September 3

We have been working hard although in the tropics that means accomplishing two things before collapsing in a sweaty heap. On Sunday, we were invited to a cruisers BBQ at the Marine Seafarers Hall. It was lovely and everyone loved Jordan’s Fish Satay with peanut sauce. The Hall is air-conditioned and has great internet links. Jonah loved it as they have pool tables, ping pong, games and a big TV.  

Today we were going to go to the beach but our mainsail needed some repairs and Jordan met someone who agreed to help him put in some new grommets (metal pieces that go around holes that secure the sail to sail cars). I did about 100 pounds of laundry at the Laundromat. Thankfully it is right near the dingy dock but it took forever as Labor Day in Pago Pago seems to be a great time for everyone to do their laundry. We are on water rationing as we can’t use our water maker in this polluted harbor and so I couldn’t use our machine.  

The best part of the Laundromat was chatting with US gov’t employees about Samoa. It certainly has a lot of problems. In retrospect, French Polynesia seems much better run and wealthier. Certainly the imported French culture and administration brings all sorts of good benefits such as a general cleanliness of the islands, good bread, good food habits, lots of vegetables and a criminal justice system which is still strongly in the French control. Now there were lots of social problems in French Polynesia – lots of child abuse (sexual) in the Marquesas, great dislike of French authority by the locals and tension between the native authorities (family elders/chiefs) and the French authorities. In American Samoa, there is misuse of funds from the US, garbage and trash everywhere, obesity, corruption and a general sense of no motivation of the locals to do anything. It seems like 90% of the business are owned and operated by Chinese. Western Samoans or Tongans do all the labor. The American Samoans seem to live off no-show jobs, corrupt positions and welfare. Of course – it all depends on who you talk to and people always exaggerate to make a good story.  I think the key difference in the two cultures is that the French maintain a great deal of control on how the money is spent and the US just gives it and walks away. The whole un-incorporated territory status allows them to do many things that are illegal in the US and that just doesn’t seem fair when the US taxpayer is supporting the entire place!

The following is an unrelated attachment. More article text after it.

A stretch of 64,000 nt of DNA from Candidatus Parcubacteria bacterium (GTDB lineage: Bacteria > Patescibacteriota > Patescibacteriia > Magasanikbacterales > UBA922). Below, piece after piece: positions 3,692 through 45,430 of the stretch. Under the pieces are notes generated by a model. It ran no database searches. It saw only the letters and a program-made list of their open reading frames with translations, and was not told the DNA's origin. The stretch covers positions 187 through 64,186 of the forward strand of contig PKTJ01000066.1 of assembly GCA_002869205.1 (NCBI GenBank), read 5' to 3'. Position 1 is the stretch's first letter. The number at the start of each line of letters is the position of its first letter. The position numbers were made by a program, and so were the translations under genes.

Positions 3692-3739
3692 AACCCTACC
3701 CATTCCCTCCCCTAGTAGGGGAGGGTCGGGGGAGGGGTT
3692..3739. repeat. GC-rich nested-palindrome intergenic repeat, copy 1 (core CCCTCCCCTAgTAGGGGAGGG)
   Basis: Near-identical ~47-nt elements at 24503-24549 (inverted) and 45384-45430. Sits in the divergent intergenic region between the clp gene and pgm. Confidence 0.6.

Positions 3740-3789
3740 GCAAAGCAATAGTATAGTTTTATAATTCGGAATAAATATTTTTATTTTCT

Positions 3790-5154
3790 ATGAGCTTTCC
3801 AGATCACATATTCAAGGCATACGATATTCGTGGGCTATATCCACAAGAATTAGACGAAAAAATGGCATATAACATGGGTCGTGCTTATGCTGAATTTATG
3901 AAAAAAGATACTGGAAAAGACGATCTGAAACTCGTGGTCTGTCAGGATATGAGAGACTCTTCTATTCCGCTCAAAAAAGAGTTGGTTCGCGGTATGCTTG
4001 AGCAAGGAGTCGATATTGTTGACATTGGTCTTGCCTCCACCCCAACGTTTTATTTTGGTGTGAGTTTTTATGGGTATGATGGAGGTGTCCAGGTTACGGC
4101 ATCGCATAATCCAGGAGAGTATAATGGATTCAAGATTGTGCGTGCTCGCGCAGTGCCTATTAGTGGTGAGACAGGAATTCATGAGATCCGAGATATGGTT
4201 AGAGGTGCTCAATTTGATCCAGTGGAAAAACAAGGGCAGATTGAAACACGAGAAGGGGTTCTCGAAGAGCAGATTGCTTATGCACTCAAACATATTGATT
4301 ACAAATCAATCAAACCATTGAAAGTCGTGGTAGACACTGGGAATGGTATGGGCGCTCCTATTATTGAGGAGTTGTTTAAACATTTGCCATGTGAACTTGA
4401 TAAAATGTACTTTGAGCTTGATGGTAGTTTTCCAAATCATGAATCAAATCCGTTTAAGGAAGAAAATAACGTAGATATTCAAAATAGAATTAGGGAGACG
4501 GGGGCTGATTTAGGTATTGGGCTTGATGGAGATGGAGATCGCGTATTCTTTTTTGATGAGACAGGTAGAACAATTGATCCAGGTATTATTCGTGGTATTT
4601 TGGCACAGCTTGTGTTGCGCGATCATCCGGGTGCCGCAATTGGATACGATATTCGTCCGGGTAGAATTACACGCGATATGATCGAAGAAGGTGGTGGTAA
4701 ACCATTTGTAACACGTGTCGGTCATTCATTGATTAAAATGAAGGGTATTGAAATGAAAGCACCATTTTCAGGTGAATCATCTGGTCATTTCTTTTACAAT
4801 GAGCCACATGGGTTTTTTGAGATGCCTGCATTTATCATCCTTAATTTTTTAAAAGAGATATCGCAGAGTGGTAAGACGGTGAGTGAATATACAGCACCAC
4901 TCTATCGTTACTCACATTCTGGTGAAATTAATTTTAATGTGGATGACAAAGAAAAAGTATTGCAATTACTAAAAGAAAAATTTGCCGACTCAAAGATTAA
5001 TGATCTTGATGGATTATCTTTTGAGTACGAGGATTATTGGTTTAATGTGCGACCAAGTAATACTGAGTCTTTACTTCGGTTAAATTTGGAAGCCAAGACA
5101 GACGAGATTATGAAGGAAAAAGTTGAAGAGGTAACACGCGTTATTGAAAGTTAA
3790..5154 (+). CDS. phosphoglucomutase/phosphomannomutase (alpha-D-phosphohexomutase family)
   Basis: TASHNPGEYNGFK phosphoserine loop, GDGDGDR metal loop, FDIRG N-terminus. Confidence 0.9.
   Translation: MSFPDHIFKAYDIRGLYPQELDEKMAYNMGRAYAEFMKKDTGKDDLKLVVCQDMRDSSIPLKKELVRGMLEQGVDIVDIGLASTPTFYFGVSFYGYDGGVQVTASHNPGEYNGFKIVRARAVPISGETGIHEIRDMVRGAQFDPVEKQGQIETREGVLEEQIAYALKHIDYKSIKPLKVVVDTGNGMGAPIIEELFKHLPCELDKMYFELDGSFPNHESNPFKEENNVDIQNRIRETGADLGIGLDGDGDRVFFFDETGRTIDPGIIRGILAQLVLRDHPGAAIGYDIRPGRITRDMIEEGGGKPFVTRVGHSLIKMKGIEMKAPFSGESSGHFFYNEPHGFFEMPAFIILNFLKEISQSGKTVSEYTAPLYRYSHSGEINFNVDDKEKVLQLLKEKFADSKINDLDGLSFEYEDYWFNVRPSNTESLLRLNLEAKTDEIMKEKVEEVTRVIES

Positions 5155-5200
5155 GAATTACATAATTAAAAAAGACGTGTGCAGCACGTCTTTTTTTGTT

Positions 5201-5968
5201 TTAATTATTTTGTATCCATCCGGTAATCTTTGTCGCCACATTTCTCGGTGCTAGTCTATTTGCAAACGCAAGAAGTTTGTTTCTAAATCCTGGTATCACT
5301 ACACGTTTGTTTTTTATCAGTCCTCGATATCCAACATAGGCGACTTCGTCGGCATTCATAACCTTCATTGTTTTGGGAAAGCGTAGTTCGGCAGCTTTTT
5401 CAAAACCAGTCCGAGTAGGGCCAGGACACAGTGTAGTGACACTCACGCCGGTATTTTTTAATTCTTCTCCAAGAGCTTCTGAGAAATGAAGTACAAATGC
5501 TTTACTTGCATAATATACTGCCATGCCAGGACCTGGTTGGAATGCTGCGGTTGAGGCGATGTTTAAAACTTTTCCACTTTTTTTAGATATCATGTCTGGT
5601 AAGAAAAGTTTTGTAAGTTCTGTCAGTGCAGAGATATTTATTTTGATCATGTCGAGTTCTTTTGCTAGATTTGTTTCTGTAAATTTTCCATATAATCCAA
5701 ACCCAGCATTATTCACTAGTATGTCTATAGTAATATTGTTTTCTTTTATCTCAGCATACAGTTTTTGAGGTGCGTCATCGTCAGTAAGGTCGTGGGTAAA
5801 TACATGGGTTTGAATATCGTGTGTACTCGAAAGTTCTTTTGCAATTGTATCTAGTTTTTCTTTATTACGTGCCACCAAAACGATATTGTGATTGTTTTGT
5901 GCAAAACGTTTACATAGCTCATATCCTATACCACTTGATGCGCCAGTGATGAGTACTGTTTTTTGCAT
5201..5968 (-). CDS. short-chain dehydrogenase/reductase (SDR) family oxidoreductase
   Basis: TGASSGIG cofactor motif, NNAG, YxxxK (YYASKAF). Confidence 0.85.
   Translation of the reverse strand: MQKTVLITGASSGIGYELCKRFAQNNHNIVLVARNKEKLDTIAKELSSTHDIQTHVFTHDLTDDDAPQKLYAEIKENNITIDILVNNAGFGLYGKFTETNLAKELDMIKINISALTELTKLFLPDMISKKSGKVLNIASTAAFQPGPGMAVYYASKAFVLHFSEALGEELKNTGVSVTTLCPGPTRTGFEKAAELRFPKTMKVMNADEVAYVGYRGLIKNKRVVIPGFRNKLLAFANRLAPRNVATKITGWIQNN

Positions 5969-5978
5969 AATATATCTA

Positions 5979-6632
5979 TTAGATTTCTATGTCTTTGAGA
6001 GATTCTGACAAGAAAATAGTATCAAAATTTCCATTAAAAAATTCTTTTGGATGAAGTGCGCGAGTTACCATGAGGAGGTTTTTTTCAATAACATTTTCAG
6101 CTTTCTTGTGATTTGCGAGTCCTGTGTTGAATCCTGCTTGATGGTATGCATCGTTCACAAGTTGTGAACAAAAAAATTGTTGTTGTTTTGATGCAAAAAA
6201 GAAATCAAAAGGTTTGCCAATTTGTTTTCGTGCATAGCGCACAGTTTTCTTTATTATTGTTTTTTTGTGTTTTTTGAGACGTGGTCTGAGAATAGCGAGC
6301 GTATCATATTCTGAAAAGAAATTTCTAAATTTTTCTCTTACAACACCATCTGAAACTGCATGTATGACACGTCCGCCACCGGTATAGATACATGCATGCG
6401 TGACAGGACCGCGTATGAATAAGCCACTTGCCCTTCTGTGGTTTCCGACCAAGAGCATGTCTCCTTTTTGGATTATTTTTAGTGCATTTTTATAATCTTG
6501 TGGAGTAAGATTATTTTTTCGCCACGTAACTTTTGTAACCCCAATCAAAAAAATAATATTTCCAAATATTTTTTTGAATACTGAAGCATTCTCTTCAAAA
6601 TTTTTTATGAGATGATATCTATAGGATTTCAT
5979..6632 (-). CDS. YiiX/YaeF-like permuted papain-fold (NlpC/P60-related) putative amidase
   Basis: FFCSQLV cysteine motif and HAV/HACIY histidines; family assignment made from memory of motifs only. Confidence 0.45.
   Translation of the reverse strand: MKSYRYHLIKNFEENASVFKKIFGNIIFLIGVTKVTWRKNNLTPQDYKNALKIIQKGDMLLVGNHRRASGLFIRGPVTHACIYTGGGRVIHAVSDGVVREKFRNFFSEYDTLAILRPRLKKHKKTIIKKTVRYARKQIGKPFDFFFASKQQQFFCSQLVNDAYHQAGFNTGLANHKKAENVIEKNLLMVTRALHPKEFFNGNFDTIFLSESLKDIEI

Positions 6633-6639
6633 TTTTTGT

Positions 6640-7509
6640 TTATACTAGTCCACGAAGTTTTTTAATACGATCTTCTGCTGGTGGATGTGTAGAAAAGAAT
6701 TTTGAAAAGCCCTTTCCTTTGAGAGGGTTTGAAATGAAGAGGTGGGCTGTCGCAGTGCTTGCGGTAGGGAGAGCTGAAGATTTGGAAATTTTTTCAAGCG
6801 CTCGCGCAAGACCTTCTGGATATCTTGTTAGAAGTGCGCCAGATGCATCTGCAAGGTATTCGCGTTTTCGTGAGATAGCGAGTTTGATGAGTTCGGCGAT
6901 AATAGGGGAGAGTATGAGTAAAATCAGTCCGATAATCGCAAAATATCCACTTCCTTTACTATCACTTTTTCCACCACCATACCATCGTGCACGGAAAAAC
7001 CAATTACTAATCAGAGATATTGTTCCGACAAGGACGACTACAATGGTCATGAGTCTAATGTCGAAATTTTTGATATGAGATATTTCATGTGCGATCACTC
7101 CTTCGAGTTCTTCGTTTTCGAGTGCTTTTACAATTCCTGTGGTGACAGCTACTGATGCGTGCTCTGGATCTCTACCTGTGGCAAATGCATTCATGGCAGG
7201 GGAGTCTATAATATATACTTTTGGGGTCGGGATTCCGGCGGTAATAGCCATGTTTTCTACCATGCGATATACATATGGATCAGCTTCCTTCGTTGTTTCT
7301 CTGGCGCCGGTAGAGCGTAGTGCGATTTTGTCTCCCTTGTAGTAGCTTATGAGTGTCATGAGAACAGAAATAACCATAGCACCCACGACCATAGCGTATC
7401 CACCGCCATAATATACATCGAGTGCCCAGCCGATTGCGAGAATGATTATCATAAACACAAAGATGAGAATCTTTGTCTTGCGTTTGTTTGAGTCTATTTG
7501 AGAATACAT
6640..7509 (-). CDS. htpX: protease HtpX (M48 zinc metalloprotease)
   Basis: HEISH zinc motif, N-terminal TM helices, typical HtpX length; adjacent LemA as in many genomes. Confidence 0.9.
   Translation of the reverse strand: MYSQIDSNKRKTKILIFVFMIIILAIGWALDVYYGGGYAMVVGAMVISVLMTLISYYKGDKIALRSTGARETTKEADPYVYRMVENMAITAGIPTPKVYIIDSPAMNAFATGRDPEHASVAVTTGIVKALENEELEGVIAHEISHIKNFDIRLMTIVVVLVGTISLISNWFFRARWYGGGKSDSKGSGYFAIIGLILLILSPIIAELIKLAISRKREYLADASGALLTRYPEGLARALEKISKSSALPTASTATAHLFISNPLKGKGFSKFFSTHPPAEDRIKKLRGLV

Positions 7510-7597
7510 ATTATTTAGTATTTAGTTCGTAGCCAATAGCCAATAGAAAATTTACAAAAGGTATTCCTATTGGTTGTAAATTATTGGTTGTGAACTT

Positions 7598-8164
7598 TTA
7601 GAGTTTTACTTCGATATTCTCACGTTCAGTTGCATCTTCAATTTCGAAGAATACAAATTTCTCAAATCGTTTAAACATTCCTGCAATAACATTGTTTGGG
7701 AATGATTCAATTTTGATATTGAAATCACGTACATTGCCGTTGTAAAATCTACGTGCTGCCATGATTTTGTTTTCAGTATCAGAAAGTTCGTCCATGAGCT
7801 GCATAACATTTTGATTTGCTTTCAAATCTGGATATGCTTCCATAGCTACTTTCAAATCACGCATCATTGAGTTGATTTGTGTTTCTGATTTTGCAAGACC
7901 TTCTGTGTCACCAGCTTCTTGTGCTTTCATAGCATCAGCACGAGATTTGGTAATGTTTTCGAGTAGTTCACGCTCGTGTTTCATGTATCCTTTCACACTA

After the laundry,  Jonah and I went to the video store to return videos and rent some more. It is a rare treat to be able to rent US flicks so we are taking advantage of the opportunity. In addition we hooked up an antennae to the TV and we receive perfectly the two broadcast channels in Samoa. They are channels intended for the military and have a mix of network stuff from the US. They even have a bunch of PBS kids shows that Jonah adores.

Jordan went to a lovely supermarket near the anchorage that we found and got some more provisions. We are almost set. We have defrosted our freezer – a multi day affair and we will go stock it with meat on Thursday. Tomorrow we are going to a beach on the East coast that is supposed to be lovely for a bit of relaxation time.